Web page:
Once you decide how many bundles of flowers will go on each section of your frame, you will have to divide the bundles up into groups. If you have 4 sections, divide your 24 bundles into 4 groups so that each group contains a variety of flower bundles. For example, if you chose some dark and light flowers, you would not want all of the dark flowers in one group and all of the light flowers in a different group. Likewise, you do not want all bare-stemmed flowers in one group and flowers with blossoms lining the whole stem in another group. You want some of each different kind of flower in each section.


You are now ready to begin attaching the flower bundles to the wire frame. First you must attach the floral wiring to the wire frame. Pick a spot on the outside edge of the wire frame where another metal part of the frame that protrudes from the center connects to the outer edge. You want to to attach the wire at this meeting point. If you only attached the floral wiring to the outer edge, it would slip around. Attaching it to a point where a wire protruding from the center meets the outer edge prevents any slipping.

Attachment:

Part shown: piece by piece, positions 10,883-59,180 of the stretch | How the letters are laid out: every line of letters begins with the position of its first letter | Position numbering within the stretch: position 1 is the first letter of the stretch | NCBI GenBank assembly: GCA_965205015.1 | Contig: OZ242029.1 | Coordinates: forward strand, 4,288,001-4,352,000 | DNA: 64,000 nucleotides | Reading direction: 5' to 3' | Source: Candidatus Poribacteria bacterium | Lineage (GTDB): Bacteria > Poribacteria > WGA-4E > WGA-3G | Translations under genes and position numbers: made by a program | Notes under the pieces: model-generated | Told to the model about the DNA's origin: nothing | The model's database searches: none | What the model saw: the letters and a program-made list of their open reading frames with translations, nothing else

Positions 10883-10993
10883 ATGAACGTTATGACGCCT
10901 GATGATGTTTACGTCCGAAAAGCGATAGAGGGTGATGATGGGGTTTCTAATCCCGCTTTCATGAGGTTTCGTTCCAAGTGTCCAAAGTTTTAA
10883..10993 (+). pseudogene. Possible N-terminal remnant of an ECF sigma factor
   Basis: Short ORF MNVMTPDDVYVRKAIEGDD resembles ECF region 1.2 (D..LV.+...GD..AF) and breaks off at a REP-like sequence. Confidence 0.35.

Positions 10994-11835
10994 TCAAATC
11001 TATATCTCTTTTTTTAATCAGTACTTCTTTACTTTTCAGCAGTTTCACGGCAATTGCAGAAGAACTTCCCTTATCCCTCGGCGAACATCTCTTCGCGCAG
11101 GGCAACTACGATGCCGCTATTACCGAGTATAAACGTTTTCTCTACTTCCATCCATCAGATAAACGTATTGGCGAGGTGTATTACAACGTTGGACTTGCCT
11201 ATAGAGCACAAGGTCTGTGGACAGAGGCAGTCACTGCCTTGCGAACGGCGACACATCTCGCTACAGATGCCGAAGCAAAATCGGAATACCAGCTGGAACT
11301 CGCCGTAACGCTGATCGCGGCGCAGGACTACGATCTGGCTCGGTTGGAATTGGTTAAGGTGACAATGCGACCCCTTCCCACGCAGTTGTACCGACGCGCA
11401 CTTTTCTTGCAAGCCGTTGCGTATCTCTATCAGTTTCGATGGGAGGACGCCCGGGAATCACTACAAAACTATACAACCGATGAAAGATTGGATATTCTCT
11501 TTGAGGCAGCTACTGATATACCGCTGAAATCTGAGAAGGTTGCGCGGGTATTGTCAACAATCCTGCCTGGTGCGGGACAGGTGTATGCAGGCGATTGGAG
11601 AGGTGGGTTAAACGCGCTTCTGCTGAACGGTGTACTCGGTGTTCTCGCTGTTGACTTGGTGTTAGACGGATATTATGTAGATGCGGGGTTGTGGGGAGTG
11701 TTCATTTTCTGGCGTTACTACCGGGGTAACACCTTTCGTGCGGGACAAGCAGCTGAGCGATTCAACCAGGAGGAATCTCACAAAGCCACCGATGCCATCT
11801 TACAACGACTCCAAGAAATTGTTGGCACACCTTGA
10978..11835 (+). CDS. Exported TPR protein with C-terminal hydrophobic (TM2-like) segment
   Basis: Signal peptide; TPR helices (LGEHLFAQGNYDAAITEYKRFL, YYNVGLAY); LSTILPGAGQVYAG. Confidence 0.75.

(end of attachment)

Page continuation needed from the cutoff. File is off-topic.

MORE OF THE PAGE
Unwind about 4 inches of the wire from its spool. Estimate a point on the floral wire that is about two inches from the end of the floral wire. Place this point against the frame at the meeting point discussed above. Wrap the floral wire tightly around the part of the frame that protrudes from the center 4 times right where it meets the outer edge. You should be wrapping the small 2-inch end part of the wire and not the part of the wire that is attached to the whole spool. Now continue wrapping that same wire around the outer edge of the frame right at the corner where it meets the piece protruding from the center that you just wrapped. Wrap the floral wire 4 times to the outer edge also. The wire will have enough length left for you twist it around the portion of the wire that is still attached to the spool. You will twist it as you would a twist tie. Your floral wiring should now be securely fixed to the frame so that it will not slip around.